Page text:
Toronto playwright Michael Hollingsworth's The History of the Village of Small Huts is a 21-play cycle on Canadian history from contact to Brian Mulroney. Each play has a cast of 25-30 and is composed of a series of short, tableau-like scenes that sometimes number in the hundreds, cumulatively animating a stretch of time that might span just a few years or several decades. In the process, we are introduced to the key political elites during the period, as well as various social others, Hollingsworth's exposing of the machinations within Canadian corridors of power always juxtaposed against a counter-history from below.
In the case of The Cold War, on through March 1st at SFU Woodward's Fei and Milton Wong Theatre in a Contemporary Arts mainstage theatre production directed by DD Kugler, this dialectic of history from above and history from below can be found in the alternating through-lines of the rise and fall of Conservative Prime Minister John Diefenbaker (a wonderful Kiki Al Rahmani, who captures the Chief's trademark voice perfectly) and the journey from domestic bliss to nightmare of housewife Mary Muffet (an affecting June Fukumura). Sold on the postwar dream of the suburban nuclear family, Mary's happiness begins to slide in inverse proportion to the number of household consumer items her neanderthal husband (just back from the war and now working on the Avro Arrow) buys her. Eventually she is committed to the psychiatric care of Dr. Ewan Cameron (a gleefully over-the-top Carmine Santavenere, with a spot-on Scottish accent), who infamously led CIA-funded experiments with LSD and sleep deprivation on scores of unsuspecting patients at McGill.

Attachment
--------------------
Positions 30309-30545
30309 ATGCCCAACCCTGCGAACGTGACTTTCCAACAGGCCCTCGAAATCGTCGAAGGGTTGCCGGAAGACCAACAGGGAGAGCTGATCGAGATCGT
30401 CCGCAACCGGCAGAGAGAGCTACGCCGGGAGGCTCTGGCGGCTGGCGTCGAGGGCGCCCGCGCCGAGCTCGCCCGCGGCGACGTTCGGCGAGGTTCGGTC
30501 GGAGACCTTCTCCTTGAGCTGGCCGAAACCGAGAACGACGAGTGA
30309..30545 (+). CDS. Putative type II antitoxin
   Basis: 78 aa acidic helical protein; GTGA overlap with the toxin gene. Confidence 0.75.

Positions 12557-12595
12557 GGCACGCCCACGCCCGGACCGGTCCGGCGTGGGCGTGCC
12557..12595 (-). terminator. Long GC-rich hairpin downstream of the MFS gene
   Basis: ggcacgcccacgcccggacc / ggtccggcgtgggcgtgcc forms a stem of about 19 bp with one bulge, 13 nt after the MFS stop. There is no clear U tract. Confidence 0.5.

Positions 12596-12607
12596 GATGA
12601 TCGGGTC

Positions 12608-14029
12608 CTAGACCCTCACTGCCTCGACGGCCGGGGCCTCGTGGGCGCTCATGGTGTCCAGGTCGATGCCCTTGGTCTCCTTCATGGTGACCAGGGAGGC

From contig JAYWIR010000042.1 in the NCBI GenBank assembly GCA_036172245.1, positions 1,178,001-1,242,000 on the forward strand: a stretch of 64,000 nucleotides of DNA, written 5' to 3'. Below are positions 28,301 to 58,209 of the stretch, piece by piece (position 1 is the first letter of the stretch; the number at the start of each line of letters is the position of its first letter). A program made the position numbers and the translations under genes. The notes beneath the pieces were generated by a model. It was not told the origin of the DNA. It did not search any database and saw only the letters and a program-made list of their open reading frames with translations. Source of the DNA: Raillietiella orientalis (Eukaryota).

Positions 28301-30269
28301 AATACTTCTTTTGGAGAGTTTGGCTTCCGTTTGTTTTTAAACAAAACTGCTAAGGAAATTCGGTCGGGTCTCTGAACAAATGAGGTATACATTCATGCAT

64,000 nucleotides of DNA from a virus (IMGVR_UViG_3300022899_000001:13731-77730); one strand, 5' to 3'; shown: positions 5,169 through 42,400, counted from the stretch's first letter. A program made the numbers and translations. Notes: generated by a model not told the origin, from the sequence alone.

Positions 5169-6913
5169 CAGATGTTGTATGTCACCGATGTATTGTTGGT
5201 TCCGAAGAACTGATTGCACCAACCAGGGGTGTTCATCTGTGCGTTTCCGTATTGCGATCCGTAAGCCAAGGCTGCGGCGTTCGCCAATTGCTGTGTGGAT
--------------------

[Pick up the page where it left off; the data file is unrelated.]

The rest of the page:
Add to all of this a rogue's gallery of spies (including Igor Gouzenko and Gerta Munsinger), RCMP surveillance operatives, beatniks, and four self-aggrandizing, power mad, or just plain mad Prime Ministers (Mackenzie King, Louis St. Laurent, Diefenbaker, and Lester B. Pearson), and you have the makings of a story that is all the more operatic because it's true. Not that Hollingsworth doesn't have his own ideological take on the proceedings--his portraits of Diefenbaker (the arch defender of Canadian sovereignty) and Pearson (portrayed as a politically grasping dupe of American interests) might strike many as surprisingly revisionist. But that's partly the point--to paint with broad political strokes in order to incite interest in and debate on a history most Canadians ignore.
The stylistic strokes are equally broad. As per the name of Hollingsworth and Co-Artistic Director Deanne Taylor's company, VideoCabaret, the plays in the Small Huts series are meant to be presented on a framed black-box stage that resembles a TV set. A succession of tight spots illuminate the characters within any given scene in a montage-like sequence, with the acting largely presentational and pantomimic. That is, dialogue is spoken out to the audience and the wonderful student actors--in white face paint and sporting a succession of false mustaches and wigs--contort their faces into exaggerated masks and plant or shimmy their bodies in commedia-like poses that immediately telegraph their roles to the audience. It's the perfect form for Hollingsworth's caustic wit and satiric commentary and this production captures it all with exuberant panache.